Origin: Australia

    While it might look like it, Broccolini is not baby broccoli. This lanky vegetable is a hybrid; it’s a cross between broccoli and Chinese broccoli. You get the florets found in broccoli and the longer stems and leaves found in Chinese broccoli. It’s a pretty logical mix of the two. Broccolini has small florets, long stalks, and a few small leaves — all of which are edible.

    When it comes to flavour, Broccolini also lands somewhere in the middle. It's mellower and less bitter than standard broccoli, with a mild sweetness much more akin to Chinese broccoli. But our favourite part of Broccolini is its texture. The long stems have a pleasant crunch, and the ratio of stem to leaf to bud is pretty perfect, if you ask us. And while it can be eaten raw, Broccolini is best when cooked. It can be sautéed, steamed, roasted, and grilled.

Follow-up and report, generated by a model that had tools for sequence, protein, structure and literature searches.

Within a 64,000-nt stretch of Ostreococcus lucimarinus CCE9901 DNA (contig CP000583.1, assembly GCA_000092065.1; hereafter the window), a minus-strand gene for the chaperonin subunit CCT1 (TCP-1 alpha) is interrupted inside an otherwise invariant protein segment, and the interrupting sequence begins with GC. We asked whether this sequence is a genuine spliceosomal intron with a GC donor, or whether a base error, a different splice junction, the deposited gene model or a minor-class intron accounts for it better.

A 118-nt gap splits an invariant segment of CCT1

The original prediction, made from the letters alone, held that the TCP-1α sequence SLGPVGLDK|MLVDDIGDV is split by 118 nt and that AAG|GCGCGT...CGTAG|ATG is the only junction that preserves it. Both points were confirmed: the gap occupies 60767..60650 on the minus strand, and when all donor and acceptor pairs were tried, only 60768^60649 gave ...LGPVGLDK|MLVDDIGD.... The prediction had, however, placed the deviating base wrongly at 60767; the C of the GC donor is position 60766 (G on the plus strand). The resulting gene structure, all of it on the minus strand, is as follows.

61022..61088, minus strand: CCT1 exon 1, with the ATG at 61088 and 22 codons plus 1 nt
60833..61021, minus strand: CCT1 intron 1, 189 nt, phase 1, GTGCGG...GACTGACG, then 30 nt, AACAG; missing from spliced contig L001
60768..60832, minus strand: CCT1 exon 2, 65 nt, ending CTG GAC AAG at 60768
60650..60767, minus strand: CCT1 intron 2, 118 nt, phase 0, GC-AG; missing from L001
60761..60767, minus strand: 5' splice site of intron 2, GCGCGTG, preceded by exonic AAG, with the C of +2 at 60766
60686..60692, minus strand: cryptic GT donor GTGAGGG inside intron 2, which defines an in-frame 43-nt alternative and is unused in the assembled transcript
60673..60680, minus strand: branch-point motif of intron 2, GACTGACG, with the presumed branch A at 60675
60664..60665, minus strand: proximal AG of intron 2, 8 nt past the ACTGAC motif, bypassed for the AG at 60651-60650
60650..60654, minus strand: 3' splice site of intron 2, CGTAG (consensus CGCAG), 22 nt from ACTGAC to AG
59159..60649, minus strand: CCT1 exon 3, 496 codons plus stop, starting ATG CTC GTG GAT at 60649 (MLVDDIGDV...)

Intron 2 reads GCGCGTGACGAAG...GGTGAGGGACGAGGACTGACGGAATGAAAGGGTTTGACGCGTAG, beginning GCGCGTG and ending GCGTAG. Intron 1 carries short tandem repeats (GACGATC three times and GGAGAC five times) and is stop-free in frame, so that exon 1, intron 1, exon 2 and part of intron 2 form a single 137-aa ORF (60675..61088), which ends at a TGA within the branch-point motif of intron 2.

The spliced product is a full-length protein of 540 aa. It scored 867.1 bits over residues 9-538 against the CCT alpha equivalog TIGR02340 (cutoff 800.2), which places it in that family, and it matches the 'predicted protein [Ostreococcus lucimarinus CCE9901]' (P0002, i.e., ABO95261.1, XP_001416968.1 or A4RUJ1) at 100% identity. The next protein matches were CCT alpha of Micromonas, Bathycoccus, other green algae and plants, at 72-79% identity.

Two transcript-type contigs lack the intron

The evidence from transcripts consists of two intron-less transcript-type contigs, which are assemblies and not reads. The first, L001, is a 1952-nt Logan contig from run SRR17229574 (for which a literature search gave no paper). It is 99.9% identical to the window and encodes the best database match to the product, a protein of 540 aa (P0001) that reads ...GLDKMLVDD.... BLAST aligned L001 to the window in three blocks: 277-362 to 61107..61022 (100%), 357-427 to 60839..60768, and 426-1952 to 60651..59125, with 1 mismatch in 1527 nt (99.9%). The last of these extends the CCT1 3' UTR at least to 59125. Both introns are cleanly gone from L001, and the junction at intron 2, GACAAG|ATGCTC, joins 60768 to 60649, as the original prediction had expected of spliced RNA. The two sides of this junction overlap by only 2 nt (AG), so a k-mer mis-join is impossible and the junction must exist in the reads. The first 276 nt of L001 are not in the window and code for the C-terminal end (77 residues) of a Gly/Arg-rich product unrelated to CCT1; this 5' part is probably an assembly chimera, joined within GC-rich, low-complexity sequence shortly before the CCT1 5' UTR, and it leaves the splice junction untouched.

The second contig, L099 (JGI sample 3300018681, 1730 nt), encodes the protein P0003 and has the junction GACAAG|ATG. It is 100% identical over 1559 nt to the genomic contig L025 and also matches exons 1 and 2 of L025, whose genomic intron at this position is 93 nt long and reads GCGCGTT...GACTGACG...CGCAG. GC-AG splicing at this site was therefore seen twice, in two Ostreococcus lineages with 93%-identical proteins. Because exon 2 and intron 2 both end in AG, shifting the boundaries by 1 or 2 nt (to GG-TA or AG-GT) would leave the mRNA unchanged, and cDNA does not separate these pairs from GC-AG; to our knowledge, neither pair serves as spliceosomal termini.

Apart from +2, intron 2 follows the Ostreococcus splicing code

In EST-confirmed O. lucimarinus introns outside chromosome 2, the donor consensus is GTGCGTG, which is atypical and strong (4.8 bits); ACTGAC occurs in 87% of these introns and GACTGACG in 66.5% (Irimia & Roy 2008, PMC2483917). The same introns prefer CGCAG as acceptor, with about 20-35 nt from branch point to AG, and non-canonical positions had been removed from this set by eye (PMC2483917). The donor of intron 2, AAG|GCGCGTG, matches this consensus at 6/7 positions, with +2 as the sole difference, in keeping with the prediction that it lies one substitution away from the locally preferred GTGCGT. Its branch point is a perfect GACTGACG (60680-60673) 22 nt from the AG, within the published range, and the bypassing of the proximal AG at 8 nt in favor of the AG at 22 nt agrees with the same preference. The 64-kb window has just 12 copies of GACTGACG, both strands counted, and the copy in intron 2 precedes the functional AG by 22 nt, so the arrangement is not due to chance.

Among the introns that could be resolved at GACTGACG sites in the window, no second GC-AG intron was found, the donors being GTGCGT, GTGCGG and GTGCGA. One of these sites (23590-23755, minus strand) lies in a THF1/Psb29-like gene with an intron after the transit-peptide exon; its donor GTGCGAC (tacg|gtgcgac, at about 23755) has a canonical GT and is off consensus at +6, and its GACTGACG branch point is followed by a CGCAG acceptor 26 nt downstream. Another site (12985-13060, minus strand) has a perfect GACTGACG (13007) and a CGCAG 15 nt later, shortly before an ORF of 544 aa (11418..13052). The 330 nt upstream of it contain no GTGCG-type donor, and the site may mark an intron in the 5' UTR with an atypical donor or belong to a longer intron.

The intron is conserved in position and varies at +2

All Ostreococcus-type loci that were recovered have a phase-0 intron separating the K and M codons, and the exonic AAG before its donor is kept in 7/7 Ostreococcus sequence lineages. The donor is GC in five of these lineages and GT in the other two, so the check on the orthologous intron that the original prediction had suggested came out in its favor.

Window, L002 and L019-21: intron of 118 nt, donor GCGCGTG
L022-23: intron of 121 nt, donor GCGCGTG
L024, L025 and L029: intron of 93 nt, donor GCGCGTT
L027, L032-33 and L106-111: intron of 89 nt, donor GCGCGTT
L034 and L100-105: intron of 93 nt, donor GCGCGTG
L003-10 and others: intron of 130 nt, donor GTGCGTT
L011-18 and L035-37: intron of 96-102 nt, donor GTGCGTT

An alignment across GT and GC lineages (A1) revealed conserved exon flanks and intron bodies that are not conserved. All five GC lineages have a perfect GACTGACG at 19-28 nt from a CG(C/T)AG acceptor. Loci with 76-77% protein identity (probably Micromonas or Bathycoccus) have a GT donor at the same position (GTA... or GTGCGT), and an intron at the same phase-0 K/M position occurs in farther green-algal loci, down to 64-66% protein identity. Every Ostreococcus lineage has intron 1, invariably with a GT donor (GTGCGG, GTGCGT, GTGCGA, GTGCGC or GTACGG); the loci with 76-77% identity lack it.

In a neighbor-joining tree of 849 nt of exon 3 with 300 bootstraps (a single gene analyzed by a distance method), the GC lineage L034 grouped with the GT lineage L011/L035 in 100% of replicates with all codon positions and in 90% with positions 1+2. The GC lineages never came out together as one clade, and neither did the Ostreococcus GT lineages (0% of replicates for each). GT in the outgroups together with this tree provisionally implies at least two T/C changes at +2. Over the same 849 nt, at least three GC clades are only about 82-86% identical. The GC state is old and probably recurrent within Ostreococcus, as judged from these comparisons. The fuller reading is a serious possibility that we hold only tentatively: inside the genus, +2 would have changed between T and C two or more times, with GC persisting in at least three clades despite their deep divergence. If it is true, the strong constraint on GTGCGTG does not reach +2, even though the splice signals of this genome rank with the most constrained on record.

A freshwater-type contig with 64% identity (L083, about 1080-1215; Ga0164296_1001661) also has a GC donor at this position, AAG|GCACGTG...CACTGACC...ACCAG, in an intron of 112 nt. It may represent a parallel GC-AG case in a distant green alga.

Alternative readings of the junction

Cooking with Broccolini is a dream. It requires a lot less prep than regular broccoli does—no stem-peeling necessary, all you have to do is cut off the last inch or so from the bunch and you're good to go. After that, you've got options. A quick toss in olive oil and a few pinches of salt is the simplest way to season them pre-roast or pre-sauté. Roasting Broccolini in an oven set around 210°c will give you very crispy florets and perfectly-cooked stalks, while sautéing over medium heat will make the broccolini tender throughout with just the right amount of snap in the stem. You can also grill broccolini in a grill basket to pick up a nice char or blanch the broccolini in boiling water for a few minutes for a fresh, snappy final product. The amazing thing about Broccolini is that the stems are thin and tender, so you don't have to worry about overcooking the delicate florets waiting for the bottom parts to cook.